At which point do we decide to stop learning? If you are reading this journal, the answer is likely never because we clinicians are always thinking, deducing, diagnosing, and treating.
A better question would be—when do we decide to stop our formal education? For many, optometry school graduation is the final capstone to our coursework. Some of us forge ahead with residency, fellowship, master’s degrees, or doctorates.
For those of us who plunged forward with a residency, some had life- and career-altering experiences. Here is the story of mine.
I wanted more
To rewind, optometry school was illuminating—not just from a basic clinical science perspective but also from an experiential point of view.
We were exposed to such a wide breadth of clinical cases—in pediatrics, binocular vision, contact lenses, low vision, refractive, disease, and more. We learned how to hone in on the major points and the finer points and address them with the patient in an empathetic way.
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The cases that personally fascinated me the most had multiple, sometimes confounding elements. For example, as a third-year student, treating a patient complaining of dryness with simultaneous early cataracts and what seemed like early macular mottling in only one eye posed a true conundrum.
How to make multiple diagnoses and complete a full refraction in under one hour? The odds seemed stacked against me.
The Ohio State University College of Optometry’s program included many fantastic specialty clinical rotations that widened our scope of practice and allowed us to experience real-world tertiary patient management. It was especially after the experience of the focused externships that I wanted to learn to manage tough cases more efficiently. I wanted to be challenged by seasoned clinicians and improve my problem-solving skills.
Jumping into residency
I was lucky enough to be one of four residents to match at Omni Eye Services of New Jersey and New York in ocular disease and surgical comanagament, which boasted of exposure to an extraordinary array of specialties. There was a high-volume artist of a cataract and glaucoma surgeon, a brilliant retinal specialist, two oculoplastics gurus, and even a pediatric/strabismus surgeon. This is not to mention the team of extraordinary ODs that essentially ran the show.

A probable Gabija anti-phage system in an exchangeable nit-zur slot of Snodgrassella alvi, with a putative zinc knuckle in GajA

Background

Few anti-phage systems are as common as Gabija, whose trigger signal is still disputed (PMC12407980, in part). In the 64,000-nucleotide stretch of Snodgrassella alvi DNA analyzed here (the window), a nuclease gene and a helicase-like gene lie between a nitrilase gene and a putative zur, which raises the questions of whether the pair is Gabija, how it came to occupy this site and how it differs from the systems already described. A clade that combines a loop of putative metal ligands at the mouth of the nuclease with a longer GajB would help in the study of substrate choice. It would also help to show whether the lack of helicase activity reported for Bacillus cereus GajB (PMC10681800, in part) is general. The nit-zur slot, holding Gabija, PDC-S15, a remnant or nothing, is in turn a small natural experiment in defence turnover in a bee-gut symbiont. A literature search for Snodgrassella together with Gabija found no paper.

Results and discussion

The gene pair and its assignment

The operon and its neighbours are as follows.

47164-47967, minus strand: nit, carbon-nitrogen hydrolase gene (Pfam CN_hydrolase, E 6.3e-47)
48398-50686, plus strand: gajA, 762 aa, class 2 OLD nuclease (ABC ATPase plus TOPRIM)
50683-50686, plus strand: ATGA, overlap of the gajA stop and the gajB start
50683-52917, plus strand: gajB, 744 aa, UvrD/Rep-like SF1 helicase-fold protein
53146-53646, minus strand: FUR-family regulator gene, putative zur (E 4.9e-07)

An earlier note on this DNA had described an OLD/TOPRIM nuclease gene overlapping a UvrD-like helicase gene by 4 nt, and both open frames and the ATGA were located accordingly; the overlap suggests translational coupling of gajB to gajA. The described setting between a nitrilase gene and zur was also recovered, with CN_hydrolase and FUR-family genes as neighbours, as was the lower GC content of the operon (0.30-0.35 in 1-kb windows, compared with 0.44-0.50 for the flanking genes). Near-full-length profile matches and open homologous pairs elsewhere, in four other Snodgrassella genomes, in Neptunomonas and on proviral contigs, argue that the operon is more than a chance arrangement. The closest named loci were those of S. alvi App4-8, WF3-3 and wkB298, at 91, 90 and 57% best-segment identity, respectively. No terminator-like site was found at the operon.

I dove right in with helping to see patients—sometimes encountering up to 60 patients a day. Not only was my work busy during business hours, residents also took after-hours on-call. This required learning how to deductively reason through a patient’s symptoms and gauge the severity and urgency depending on the patient’s words and your own questions. If the call was deemed serious enough, it might require seeing the patient after hours or over the weekend to treat or calling the on-call supervising OD with a succinct diagnosis and well-thought-out questions. To say that my diagnostic capabilities sped up a steep slope—mostly out of fear of missing something—is an understatement.
Diagnosis boot camp
The challenges of diagnosing ocular disease is multifactorial—conditions can widely vary in severity, temporal pattern, patient experience, and visual presentation. Residency in ocular disease was a boot camp of sorts.
After my first weekend of being on-call—which included a central retinal artery occlusion with cilioretinal sparing, a leaking trabeculectomy (to my horror, the Goldmann applanation tonometer was not malfunctioning—the intraocular pressure really was around 1 mm Hg), and a florid filamentary keratitis—I was well on my way to learning to think quickly.
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The monitored independence was a step between being a student and the real world: there was a cushion of specialists whom I could call on, yet preparing for each call required significant thought toward a differential diagnosis. Much like an emergency room, stabilization and accuracy of diagnosis was key before complete treatment or referral to one of our many specializations.
This organization of multiple subspecialties within one practice was illuminating on a myriad of levels. Not only did it provide the comfort of knowing that the patient would receive a high level of continuous care should it be needed, but it allowed a resident to learn how the different subspecialties interrelate. Comprehending the compartmentalization of the MD specializations and sometimes uncanny overlaps was imperative to working as a team—best learned by being thrown into the fire, so to speak.